Olathe is Under Construction

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Olathe is Under Construction

Felicia Georgiou and Brian Beach

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Olathe Lake

New construction is bringing something to Olathe that has never been seen: a beach! Lake Olathe is currently closed to the public while new improvements are being made. In the summer of 2019, you can except to see a revived lake. In the 1959 a 170-acre lake was constructed in Olathe. The city council now decided after about 60 years, that it is time to spruce up the lake and community park.

According to Olatheks.org, the master plan for Lake Olathe was approved by the city council in September of 2016.

The council decided on a budget for Olathe Lake Park Phase 1 to be just under 15 mil- lion dollars. Using that money, the council has plans for multiple improvements. The addition to Lake Olathe will included more entertainment places and facility updates.

The new aquatic developments are a swimming beach area, spray ground, aquatic learning area, marina, and fishing and dock pavilions. Also, additions to the park include 4 miles of hiking trials, a nature playground, an amphitheater, a zip line, gardens, and a renovated disc golf course.

A two-story rentable building called “The Landing” is also being constructed. It’s a 6,500 square-foot building and it will have glass all along the lake front,” said Mike Latka of Olathe Parks & Recreation Department.

An Olathe North senior, Courtney Kinzel, stated, “The new beach is going to be a great place to hang out in the summer.” She went on to say, “I believe the new renovations will not only bring more people to the lake, but also more interest to the city of Olathe.”

Chipotle and Starbucks

Next time when you are driving down the West side of Sante Fe and you realize you have some time to spare before school you can take a quick pit stop to grab a macchiato or even a burrito bowl. Chicken, steak, barbacoa, carnitas, lattes, mochas, cappuccinos, and frappuccinos are coming in the West Market Shopping Center with the addition of Chipotle and a Starbucks. The Chipotle will be located on the corner of Sante Fe and Parker. Starbucks will also be in the West Market on the corner of Loula and Parker.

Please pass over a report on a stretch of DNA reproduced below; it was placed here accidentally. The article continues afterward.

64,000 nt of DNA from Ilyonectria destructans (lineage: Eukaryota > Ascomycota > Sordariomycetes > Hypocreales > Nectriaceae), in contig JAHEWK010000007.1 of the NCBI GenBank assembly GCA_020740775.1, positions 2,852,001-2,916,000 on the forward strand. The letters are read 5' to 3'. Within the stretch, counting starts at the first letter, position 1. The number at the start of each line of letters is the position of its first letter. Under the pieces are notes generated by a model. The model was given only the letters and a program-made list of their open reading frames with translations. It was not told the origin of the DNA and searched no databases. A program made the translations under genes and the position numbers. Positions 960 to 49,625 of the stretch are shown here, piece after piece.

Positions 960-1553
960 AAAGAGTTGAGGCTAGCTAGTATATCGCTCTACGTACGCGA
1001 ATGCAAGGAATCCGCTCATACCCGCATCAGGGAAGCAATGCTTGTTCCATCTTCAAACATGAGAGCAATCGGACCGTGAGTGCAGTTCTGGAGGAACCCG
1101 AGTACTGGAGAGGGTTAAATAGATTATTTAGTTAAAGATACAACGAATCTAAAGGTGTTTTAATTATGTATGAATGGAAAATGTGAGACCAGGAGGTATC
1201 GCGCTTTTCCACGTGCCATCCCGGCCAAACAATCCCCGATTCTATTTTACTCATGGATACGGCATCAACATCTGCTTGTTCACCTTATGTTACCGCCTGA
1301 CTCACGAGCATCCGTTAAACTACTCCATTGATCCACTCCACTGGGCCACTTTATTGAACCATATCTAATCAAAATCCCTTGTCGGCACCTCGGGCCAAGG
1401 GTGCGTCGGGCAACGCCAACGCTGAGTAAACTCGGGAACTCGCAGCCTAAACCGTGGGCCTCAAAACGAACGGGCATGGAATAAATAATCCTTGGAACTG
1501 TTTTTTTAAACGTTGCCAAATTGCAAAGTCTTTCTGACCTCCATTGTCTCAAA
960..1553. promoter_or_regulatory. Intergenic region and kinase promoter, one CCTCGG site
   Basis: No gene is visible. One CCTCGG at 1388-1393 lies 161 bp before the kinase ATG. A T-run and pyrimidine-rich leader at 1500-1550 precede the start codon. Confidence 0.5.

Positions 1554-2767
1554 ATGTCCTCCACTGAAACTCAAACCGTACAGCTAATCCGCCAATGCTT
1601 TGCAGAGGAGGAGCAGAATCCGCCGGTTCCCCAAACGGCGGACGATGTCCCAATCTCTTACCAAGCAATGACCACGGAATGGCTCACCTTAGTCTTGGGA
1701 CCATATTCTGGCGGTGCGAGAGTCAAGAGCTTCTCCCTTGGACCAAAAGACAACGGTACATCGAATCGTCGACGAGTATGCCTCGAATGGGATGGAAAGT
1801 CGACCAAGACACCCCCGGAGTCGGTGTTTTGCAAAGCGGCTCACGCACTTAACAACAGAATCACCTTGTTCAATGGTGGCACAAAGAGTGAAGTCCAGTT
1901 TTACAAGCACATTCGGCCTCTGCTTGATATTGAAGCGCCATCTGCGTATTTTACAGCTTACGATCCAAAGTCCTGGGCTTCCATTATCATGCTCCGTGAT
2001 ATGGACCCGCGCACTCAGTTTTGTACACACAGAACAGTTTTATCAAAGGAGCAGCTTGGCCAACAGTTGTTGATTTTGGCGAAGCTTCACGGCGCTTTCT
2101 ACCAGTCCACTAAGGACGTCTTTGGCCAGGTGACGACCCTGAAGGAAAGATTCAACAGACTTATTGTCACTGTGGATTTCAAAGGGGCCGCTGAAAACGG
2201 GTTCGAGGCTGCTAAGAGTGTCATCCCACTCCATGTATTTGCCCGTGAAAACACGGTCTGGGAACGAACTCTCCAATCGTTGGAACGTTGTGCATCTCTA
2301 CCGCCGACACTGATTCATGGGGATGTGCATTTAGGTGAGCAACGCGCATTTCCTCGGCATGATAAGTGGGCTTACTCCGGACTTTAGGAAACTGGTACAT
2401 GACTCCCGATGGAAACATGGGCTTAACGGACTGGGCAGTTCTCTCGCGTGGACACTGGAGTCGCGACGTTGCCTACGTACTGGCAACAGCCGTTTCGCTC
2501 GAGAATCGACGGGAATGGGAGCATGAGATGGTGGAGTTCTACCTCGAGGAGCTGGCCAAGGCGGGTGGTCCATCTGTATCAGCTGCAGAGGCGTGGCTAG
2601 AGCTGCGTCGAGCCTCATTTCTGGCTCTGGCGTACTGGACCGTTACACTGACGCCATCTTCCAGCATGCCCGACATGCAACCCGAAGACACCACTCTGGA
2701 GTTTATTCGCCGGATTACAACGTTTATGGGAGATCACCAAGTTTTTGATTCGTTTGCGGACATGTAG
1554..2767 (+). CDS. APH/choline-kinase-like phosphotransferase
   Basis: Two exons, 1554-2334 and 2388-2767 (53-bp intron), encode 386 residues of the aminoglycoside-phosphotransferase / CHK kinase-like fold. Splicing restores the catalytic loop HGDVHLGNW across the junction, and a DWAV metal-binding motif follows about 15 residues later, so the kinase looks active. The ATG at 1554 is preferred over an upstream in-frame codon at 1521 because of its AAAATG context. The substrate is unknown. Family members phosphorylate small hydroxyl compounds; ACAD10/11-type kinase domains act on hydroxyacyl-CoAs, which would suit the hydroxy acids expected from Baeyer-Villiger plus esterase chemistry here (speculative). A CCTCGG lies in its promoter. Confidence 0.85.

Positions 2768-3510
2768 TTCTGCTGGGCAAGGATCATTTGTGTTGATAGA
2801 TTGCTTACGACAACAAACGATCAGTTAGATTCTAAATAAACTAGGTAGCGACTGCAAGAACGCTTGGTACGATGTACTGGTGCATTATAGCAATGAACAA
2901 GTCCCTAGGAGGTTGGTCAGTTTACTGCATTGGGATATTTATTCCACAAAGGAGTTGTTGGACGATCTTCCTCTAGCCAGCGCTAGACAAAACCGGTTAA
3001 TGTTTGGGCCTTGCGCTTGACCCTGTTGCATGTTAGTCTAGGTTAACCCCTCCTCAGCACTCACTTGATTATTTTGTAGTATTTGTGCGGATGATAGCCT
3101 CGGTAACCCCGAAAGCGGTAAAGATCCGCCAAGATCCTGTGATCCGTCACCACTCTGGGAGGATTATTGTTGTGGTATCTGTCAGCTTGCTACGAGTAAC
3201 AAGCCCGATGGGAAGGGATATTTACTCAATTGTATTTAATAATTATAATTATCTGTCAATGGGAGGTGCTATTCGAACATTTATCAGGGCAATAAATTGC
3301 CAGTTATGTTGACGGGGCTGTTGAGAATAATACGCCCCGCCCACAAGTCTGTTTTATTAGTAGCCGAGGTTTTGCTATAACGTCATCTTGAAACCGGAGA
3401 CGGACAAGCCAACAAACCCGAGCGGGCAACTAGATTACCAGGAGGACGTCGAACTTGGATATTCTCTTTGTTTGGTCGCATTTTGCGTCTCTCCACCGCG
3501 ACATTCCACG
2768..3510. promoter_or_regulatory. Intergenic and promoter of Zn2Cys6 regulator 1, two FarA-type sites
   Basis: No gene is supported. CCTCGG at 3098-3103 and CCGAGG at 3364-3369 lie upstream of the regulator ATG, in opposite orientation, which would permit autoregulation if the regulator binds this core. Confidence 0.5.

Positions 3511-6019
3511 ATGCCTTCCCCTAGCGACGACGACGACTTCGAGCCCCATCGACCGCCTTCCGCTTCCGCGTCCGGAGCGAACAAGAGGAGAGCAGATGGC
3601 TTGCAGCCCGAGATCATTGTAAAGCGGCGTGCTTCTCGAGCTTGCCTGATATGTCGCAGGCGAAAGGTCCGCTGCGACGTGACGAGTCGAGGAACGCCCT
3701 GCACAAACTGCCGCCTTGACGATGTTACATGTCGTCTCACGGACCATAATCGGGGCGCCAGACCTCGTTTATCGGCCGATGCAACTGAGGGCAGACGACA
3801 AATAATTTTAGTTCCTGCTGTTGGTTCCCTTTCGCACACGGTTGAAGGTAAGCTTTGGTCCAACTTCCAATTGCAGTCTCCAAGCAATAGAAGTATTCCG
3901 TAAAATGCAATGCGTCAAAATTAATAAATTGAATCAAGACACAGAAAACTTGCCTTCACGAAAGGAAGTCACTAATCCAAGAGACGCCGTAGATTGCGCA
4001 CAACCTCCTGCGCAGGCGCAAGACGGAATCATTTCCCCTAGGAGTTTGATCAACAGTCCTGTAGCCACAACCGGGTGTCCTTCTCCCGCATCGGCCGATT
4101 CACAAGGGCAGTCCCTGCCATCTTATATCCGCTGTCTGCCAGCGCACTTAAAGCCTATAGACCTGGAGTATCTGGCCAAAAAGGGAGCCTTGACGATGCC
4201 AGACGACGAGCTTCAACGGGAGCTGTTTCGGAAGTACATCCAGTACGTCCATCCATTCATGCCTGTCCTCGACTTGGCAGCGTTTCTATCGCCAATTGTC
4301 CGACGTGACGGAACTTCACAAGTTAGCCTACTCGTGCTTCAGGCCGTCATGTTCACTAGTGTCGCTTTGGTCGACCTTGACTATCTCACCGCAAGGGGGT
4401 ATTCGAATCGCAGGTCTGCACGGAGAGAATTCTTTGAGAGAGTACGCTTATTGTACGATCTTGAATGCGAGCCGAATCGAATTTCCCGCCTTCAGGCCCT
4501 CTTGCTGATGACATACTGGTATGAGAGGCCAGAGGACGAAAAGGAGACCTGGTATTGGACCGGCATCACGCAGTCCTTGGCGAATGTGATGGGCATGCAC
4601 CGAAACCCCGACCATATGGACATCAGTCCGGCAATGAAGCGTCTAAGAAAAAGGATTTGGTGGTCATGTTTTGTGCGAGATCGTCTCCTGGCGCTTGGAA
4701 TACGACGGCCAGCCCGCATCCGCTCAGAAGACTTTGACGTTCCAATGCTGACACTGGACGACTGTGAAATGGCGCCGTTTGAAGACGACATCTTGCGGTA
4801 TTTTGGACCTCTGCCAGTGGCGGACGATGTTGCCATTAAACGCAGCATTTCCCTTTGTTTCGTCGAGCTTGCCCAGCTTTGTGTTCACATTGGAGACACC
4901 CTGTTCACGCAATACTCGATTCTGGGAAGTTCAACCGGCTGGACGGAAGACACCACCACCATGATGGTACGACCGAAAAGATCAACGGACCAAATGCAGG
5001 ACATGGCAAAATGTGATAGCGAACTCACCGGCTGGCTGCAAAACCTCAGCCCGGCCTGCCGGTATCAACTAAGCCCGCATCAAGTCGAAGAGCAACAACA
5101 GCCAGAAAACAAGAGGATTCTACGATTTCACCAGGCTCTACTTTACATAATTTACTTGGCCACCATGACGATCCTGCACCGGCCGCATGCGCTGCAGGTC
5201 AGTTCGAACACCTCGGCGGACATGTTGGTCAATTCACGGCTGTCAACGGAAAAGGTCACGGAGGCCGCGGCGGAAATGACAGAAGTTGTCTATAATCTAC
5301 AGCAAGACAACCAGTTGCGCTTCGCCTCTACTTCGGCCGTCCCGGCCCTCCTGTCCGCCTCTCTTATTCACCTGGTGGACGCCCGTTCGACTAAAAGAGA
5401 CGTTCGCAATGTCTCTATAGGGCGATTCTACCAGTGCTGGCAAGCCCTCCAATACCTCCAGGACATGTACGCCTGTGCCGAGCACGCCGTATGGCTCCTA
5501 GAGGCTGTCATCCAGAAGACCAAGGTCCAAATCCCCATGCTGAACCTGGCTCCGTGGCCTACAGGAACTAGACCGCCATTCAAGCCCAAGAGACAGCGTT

According to www.olatheks.org, the city council voted 5-0 to make improvement to the West Market Shopping Center. Around 8.5 million dollars in renovations will be made for the new developments.

The construction of Chipotle has begun in the old site of the Brown Bag Liquor. The Liquor store moved across the street and the Chipotle will be using the basic structure of the old building. The MDDS Development LLC building company will be reroofing the building and creating a new parking spot for the upcoming Chipotle. They will also add a patio with chairs and tables for an outdoor dining options for patrons.

The BP gas station was taken down for the new Starbucks. MDDS Development will be constructing a drive thru along with the new building. They started framing the building at the beginning of November.

To pay for the new developments in the West Market Shopping Center there will be a 1% sales tax on the stores in the center. Scott Anderson, an attorney for the construction workers, said the tax would generate about $2.8 million to reimburse the developers for their construction expenses. This will include the Price Chopper, Chi- na 1, Papa Johns, Grumpy’s, KC Vape, UPS Store, Petland, and T-Mobile. McDonalds and Community America Credit Union Bank will be excluded from the sale taxes.

Brownlee, a Council member, stated that she thinks it is important to improve in retail sites. She thinks that an updated retail strip, with the additions of the Starbucks and Chipotle, will be a great improvement to the West Olathe area that will help the local economy.